The Covid-19 pandemic saw lots of businesses adopt digital processes and opt for online transactions. Despite the curfews, work from home advisories and restricted movement, most corporate companies have been able to keep their business operations running.
The hotel and entertainment industry is arguably one of the hardest hit by the pandemic. Social distancing and most of the Covid-19 protocols have not allowed for gatherings and socializing, which mostly takes place in clubs and hotels. By extension, the crisis has hit DJs, who mostly rely on these crowds for their business.
Most DJs in the country work on contract basis while some are paid based on how much business they can attract. If the premise lacks business, this will automatically translate to the DJ not getting paid.
Organizations such as the Pubs, Entertainment and Restaurants Association of Kenya (PERAK) have asked the government to consider reopening their businesses to help them offset piling rent arrears and avert job losses.
Restaurants and clubs were shut down soon after the first case of Covid-19 was announced in the country on March 12th. About two months later, President Uhuru Kenyatta in a state address, reopened restaurants but only for a limited period.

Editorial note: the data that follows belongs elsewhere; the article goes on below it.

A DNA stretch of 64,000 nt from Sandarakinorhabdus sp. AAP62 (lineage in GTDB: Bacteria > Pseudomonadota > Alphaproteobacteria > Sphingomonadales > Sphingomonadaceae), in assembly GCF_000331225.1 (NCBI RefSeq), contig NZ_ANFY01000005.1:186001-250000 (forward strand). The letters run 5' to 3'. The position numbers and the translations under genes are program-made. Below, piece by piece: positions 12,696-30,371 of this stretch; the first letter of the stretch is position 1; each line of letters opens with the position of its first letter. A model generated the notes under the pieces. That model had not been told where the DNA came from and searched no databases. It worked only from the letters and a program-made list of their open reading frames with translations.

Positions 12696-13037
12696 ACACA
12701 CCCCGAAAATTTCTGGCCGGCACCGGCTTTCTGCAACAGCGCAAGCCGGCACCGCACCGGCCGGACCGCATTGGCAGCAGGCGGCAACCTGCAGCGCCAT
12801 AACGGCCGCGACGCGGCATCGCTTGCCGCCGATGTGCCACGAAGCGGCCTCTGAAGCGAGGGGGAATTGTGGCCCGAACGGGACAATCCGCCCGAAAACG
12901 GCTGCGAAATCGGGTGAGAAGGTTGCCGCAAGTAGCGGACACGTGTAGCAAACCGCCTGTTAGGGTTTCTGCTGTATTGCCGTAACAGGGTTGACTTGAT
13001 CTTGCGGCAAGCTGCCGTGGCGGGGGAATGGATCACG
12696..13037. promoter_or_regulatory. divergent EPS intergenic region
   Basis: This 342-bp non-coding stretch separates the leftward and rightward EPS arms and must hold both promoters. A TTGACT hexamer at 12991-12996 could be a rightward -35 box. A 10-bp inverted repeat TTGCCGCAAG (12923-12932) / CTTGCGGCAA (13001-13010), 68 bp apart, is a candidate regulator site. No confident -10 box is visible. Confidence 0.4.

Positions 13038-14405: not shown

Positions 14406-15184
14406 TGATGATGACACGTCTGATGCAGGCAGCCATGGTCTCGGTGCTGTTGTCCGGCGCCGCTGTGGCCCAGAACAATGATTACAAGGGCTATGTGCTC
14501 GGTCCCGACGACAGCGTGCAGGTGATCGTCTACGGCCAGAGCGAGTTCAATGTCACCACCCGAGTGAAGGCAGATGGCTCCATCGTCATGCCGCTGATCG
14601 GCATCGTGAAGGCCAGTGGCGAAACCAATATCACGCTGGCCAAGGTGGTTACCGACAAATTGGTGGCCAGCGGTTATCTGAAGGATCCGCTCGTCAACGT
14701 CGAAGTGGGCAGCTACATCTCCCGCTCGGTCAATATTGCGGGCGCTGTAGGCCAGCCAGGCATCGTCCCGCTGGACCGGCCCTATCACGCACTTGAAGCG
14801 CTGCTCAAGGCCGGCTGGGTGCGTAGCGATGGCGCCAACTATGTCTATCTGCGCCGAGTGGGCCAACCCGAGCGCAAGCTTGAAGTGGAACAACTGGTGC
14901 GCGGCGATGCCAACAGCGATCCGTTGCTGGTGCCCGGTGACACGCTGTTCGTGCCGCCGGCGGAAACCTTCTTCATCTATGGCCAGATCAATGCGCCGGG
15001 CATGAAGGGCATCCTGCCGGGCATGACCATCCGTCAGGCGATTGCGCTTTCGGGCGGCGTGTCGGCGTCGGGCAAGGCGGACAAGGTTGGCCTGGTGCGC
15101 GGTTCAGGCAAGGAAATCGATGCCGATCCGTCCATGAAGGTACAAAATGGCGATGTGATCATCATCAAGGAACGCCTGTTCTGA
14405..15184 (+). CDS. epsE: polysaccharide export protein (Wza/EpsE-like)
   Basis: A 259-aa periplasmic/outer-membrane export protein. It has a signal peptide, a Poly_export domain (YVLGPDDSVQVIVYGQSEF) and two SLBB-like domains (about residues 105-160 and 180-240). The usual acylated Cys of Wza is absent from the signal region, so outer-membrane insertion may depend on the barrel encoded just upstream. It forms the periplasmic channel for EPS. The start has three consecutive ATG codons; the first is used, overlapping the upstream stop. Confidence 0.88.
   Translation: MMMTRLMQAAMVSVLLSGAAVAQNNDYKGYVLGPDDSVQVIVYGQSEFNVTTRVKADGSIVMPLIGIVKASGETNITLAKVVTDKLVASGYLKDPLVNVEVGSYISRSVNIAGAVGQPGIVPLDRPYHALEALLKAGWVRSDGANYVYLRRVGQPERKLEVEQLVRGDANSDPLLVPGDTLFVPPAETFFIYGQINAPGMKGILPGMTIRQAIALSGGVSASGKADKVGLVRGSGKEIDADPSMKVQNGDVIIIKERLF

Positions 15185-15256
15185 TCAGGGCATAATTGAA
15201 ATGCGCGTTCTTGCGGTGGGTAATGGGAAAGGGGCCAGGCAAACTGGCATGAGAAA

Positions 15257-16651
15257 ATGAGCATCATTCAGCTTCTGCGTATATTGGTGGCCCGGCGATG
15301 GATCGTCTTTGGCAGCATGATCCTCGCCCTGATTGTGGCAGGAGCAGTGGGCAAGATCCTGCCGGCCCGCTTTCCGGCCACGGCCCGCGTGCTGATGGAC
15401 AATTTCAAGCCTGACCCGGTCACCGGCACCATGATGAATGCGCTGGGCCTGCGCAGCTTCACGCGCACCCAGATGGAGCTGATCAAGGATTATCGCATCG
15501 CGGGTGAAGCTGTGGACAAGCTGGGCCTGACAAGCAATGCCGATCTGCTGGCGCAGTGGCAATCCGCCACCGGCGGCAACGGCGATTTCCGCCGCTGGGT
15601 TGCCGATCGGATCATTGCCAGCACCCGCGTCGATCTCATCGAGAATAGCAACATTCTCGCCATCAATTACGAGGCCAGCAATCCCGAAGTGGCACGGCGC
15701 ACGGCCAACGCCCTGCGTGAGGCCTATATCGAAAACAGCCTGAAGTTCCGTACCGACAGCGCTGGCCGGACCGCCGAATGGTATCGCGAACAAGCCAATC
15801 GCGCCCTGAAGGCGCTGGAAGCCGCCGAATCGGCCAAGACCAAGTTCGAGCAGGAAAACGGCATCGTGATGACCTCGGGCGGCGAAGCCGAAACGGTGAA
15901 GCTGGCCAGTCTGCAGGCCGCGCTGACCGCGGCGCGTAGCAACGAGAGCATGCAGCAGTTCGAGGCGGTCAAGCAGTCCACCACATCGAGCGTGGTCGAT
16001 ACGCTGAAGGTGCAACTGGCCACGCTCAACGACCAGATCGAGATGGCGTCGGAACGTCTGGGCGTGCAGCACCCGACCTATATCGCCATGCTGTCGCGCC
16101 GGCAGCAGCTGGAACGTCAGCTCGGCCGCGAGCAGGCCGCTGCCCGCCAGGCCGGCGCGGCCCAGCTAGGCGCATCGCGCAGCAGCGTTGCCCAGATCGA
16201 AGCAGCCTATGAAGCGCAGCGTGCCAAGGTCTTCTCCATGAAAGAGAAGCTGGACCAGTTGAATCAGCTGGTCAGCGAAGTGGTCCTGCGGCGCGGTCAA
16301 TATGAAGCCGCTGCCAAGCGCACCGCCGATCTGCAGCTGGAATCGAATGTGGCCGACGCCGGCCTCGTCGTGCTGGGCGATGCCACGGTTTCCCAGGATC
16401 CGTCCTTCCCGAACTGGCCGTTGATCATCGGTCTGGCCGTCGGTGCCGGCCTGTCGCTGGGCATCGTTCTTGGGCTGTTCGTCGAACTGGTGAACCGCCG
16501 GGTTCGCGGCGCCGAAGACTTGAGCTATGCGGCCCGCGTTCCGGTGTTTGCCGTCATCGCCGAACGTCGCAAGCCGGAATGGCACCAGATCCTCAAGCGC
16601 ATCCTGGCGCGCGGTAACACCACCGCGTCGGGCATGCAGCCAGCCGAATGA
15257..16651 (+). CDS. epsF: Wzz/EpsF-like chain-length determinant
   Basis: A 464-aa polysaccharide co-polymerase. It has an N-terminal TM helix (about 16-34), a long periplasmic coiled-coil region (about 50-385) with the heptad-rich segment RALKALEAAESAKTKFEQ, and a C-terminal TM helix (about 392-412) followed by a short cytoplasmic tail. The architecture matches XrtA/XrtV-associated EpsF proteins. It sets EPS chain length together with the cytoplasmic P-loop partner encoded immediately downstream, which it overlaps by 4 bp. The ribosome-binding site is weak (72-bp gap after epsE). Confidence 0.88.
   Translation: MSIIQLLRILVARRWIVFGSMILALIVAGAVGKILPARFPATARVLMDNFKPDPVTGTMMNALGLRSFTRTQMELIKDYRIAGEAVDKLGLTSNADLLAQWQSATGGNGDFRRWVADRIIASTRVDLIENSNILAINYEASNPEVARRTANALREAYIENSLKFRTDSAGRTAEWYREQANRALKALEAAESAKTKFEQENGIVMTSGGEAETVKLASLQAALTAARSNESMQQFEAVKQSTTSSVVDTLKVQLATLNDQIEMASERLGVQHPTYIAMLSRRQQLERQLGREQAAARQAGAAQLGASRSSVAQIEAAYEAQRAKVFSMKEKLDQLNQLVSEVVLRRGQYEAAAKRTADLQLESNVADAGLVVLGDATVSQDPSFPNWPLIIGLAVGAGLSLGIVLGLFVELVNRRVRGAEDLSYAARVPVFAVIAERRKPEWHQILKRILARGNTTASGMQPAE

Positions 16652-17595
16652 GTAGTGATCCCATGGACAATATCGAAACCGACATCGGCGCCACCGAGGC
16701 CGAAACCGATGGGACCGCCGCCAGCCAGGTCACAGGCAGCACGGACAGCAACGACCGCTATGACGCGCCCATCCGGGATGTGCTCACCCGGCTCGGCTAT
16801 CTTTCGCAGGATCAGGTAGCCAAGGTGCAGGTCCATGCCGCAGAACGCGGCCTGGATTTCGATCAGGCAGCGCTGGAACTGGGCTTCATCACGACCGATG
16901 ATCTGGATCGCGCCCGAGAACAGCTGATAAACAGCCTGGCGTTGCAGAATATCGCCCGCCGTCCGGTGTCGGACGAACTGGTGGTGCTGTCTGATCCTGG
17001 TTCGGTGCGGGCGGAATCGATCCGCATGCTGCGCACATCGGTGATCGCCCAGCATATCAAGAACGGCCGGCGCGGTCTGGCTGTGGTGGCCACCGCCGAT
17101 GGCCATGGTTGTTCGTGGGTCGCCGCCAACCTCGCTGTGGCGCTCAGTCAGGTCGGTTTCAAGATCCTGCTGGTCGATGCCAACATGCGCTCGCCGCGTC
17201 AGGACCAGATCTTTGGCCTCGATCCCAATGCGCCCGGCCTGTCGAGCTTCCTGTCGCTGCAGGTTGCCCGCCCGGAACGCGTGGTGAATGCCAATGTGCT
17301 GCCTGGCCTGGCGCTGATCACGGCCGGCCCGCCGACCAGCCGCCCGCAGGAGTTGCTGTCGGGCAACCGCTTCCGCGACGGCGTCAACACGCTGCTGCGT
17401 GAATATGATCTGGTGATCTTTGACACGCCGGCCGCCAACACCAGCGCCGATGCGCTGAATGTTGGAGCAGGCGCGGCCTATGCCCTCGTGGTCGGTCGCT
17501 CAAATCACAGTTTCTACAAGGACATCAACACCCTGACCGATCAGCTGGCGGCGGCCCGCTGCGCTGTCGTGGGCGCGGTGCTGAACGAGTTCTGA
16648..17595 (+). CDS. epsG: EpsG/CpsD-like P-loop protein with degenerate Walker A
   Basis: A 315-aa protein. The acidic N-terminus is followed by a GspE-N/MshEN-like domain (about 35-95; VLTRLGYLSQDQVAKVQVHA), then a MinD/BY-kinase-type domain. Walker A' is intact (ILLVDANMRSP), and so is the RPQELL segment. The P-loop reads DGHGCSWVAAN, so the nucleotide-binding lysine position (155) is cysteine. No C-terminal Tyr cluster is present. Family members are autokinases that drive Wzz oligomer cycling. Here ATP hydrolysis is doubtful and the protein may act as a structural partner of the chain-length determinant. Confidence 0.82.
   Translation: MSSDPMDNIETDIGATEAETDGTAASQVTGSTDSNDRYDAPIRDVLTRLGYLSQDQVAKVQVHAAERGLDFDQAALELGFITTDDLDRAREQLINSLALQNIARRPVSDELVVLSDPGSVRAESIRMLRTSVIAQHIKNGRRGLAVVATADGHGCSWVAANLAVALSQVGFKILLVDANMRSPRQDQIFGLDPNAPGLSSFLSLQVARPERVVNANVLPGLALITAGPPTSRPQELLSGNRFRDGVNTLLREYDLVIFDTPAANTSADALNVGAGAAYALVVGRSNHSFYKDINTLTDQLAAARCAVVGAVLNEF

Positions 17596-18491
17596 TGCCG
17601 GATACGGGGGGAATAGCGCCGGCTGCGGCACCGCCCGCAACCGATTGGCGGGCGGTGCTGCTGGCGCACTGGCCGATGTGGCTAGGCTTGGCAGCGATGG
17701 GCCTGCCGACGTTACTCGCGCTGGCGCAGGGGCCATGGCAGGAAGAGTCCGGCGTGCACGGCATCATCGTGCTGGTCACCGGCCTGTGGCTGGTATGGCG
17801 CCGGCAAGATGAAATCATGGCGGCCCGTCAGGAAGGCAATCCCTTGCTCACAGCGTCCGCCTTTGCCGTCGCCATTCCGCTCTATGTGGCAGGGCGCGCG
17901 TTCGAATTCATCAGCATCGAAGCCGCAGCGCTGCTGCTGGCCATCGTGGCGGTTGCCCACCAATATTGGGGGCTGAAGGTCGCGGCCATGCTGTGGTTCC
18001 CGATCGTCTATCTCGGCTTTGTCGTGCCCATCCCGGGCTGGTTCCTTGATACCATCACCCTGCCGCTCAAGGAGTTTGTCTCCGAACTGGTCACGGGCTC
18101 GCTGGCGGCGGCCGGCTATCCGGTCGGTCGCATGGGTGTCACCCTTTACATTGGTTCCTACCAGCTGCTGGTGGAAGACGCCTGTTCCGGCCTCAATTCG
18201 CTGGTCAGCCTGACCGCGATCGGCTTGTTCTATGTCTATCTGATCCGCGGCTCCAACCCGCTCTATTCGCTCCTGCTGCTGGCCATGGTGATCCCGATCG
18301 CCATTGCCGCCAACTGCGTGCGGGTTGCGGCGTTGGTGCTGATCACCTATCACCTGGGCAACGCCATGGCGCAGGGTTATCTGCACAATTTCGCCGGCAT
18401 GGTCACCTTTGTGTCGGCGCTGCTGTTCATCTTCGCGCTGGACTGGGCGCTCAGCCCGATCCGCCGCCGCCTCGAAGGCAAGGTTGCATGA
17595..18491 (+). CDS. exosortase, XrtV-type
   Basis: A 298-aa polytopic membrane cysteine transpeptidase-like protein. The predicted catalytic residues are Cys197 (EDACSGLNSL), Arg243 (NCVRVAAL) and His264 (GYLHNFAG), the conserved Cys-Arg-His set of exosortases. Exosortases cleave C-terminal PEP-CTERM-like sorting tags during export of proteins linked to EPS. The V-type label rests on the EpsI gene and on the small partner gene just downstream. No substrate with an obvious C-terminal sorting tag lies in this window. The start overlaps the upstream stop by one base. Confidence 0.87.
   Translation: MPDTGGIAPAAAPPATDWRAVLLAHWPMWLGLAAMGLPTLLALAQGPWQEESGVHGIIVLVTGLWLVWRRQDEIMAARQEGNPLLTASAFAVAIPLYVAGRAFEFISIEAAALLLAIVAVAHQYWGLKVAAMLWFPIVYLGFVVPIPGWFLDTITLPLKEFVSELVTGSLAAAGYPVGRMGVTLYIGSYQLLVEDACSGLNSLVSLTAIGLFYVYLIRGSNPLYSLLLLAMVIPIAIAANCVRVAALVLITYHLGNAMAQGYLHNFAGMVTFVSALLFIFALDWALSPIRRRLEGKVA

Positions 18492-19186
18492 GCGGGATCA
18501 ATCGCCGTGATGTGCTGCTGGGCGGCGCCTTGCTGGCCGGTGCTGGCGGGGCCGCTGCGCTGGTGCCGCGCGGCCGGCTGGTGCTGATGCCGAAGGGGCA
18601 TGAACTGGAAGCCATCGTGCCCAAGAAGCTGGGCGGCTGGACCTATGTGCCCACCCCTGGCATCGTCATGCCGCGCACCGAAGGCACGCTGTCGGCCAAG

Since then, the timings have been extended to 8pm but only for dine-in customers. Alcohol sale is prohibited in restaurants and most Kenyans have resorted to buying their drinks from Wines and Spirits Shops and partaking indoors. People who have attempted to reopen their bars or even lock their clientele in have found themselves on the wrong side of the law, with revelers arrested and stock confiscated.
Popular DJ Mdosi, a legendary DJ from the 80s, 90s and 2000s through a post on social media appealed to the president to reopen pubs and enable them fend for their families again.
He wrote on his Facebook account:
“Dear Mr. President, My president, your excellency Sir, On 29th of this month will be my Birthday.I beg of you to open up clubs and eateries. DJs, Waitresses, Waiters,Cleaners, Bouncers,and Club Directors and others in this entertainment industry have truly suffered. I’ve not been able to fend for myself or my family and honestly speaking,the house agents have now sent auctioneers to me and I believe many others are in the same (predicament) I’m praying from the bottom ofmy heart that you consider my humble request. I promise to do a one hour online mix of soul music dedicated to you. Thanking you in advance.
His sentiments have been echoed by a number of DJs facing the same predicament over the past few months.
DJ Scrim wrote “2020 imekua ngori sana. On my side ni pandemic juu ya distaster. From Police Brutality in February to losing my brother in early March then lockdown meaning no hustle! So stress and depression if you are not strong.But I gotta have faith in God.”
The President is set to address the nation again on the 29th of September. Most DJs and people in the entertainment sector are hoping that the curfew will be lifted so business can resume.